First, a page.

Are you hiding from covid-19? I am. The reason is simple: the high chance of death from the virus.
I was reminded of the risk last week by this report from the New York City health department and Columbia University which estimated that on average, between March and May, the chance of dying if you get infected by SARS-CoV-2 was 1.45%.
That’s higher than your lifetime chance of getting killed in a car wreck. That’s every driver cutting you off, every corner taken too fast, every time you nearly dozed off on the highway, all crammed into one. That’s not a disease I want to get. For someone my mother’s age, the chance of death came to 13.83% but ranged as high as 17%. That’s roughly 1 in 6, or the chance you’ll lose at Russian roulette. That’s not a game I want my mother to play.
The rate at which people are dying from the coronavirus has been estimated many times and is calculated in different ways. For example, if you become an official covid-19 “case” on the government’s books, your death chance is more like 5%, because you’re sick enough to have sought out help and to have been tested.
But this study instead calculated the “infection fatality ratio,” or IFR. That’s the chance you die if infected at all. This is the real risk to keep in view. It includes people who are asymptomatic, get only a sniffle, or tough it out at home and never get tested.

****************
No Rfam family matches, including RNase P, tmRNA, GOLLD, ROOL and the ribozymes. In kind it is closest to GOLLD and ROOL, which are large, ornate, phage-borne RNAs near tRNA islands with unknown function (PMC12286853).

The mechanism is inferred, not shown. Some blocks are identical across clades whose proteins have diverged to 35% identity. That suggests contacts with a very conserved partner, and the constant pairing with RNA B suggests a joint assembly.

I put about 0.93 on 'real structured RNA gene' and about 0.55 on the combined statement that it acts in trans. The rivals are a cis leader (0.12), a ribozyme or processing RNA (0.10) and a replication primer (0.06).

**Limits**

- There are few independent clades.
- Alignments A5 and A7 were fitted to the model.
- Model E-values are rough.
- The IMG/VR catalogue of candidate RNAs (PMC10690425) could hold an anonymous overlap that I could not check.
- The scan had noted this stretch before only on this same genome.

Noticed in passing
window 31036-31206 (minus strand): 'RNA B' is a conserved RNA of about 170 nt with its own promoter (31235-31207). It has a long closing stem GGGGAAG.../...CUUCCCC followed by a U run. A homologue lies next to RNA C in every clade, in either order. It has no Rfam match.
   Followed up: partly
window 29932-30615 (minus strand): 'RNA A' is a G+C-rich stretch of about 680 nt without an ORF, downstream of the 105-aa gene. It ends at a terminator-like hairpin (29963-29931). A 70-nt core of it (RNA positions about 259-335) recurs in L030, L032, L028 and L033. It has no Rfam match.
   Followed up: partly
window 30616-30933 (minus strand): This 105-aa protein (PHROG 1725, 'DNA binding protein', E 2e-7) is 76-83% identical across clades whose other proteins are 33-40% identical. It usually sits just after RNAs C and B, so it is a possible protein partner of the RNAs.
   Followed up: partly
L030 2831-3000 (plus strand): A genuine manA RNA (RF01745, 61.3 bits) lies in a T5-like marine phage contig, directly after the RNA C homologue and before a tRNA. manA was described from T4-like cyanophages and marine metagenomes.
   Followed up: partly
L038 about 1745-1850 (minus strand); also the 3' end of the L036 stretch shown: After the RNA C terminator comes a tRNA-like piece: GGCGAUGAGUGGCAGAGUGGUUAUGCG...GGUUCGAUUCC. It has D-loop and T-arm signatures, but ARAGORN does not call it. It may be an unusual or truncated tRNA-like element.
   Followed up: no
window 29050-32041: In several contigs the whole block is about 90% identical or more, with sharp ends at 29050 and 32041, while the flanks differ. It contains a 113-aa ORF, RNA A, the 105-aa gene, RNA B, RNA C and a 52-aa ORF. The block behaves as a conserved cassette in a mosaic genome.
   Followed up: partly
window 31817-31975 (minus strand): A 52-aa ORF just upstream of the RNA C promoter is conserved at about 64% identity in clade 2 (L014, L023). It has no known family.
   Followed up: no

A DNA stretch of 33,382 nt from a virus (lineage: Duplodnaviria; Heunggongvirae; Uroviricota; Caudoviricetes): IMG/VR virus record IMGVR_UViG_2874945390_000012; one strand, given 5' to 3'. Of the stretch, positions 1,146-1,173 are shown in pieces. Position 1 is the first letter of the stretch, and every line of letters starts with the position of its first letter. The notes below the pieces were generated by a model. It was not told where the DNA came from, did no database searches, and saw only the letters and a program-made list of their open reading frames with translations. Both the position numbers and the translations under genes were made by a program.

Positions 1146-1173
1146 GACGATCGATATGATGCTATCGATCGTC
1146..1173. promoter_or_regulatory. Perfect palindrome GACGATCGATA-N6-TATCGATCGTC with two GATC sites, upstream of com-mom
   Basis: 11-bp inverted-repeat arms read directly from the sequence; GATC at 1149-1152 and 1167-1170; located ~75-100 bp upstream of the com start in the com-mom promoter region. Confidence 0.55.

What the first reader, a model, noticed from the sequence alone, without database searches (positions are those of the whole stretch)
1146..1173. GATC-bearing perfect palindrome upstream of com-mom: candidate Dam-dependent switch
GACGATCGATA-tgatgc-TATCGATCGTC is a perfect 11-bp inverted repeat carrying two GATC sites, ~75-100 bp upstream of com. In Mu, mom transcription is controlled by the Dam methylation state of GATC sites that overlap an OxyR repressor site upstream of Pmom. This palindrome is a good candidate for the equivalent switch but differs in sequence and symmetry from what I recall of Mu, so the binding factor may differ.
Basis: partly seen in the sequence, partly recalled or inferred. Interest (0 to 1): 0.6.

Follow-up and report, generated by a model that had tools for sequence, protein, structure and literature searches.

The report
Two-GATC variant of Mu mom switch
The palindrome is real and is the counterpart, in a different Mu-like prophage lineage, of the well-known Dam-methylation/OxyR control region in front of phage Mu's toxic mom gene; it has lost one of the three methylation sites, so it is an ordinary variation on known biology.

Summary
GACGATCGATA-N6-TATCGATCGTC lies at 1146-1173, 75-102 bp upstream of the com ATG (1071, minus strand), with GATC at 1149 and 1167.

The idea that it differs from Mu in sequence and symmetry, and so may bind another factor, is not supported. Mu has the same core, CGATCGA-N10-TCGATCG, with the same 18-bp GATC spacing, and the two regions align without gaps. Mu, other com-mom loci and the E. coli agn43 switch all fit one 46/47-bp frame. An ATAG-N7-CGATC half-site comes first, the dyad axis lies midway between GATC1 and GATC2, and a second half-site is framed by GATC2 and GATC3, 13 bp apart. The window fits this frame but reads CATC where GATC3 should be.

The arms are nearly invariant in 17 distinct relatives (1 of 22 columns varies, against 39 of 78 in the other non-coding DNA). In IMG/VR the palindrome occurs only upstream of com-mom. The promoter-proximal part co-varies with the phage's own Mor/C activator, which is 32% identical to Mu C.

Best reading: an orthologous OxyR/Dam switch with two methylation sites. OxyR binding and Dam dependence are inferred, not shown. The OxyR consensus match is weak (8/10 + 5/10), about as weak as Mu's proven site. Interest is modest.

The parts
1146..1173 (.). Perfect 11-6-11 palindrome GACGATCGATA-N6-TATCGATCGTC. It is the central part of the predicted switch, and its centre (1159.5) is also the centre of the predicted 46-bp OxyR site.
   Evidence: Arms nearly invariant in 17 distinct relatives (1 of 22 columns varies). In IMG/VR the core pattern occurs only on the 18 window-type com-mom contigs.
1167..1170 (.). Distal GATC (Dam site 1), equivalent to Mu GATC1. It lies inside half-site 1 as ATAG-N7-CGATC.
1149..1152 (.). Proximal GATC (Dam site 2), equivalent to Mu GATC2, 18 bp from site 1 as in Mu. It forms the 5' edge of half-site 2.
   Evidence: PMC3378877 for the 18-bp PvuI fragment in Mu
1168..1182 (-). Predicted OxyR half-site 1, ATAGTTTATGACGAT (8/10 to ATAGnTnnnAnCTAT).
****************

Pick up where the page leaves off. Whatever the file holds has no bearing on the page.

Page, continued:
Because we don’t know who those people who never got tested are, IFR figures are always an estimate, and the 1.45% figure calculated for New York is higher than most others, many of which fluctuate around 1%. That could be due to higher rates of diabetes and heart disease in the city, or to estimates used in the study.
It’s also true that your personal odds of dying from covid-19 will differ from the average. Location matters—cruise ship or city—and so do your sex, your age, and whether you have preexisting health conditions. If you’re in college, your death odds are probably lower by a factor of a hundred, though if you’re morbidly obese, they go back up. Poor health—cancer, clogged arteries—also steeply increase what scientists call the “odds ratio” of dying.
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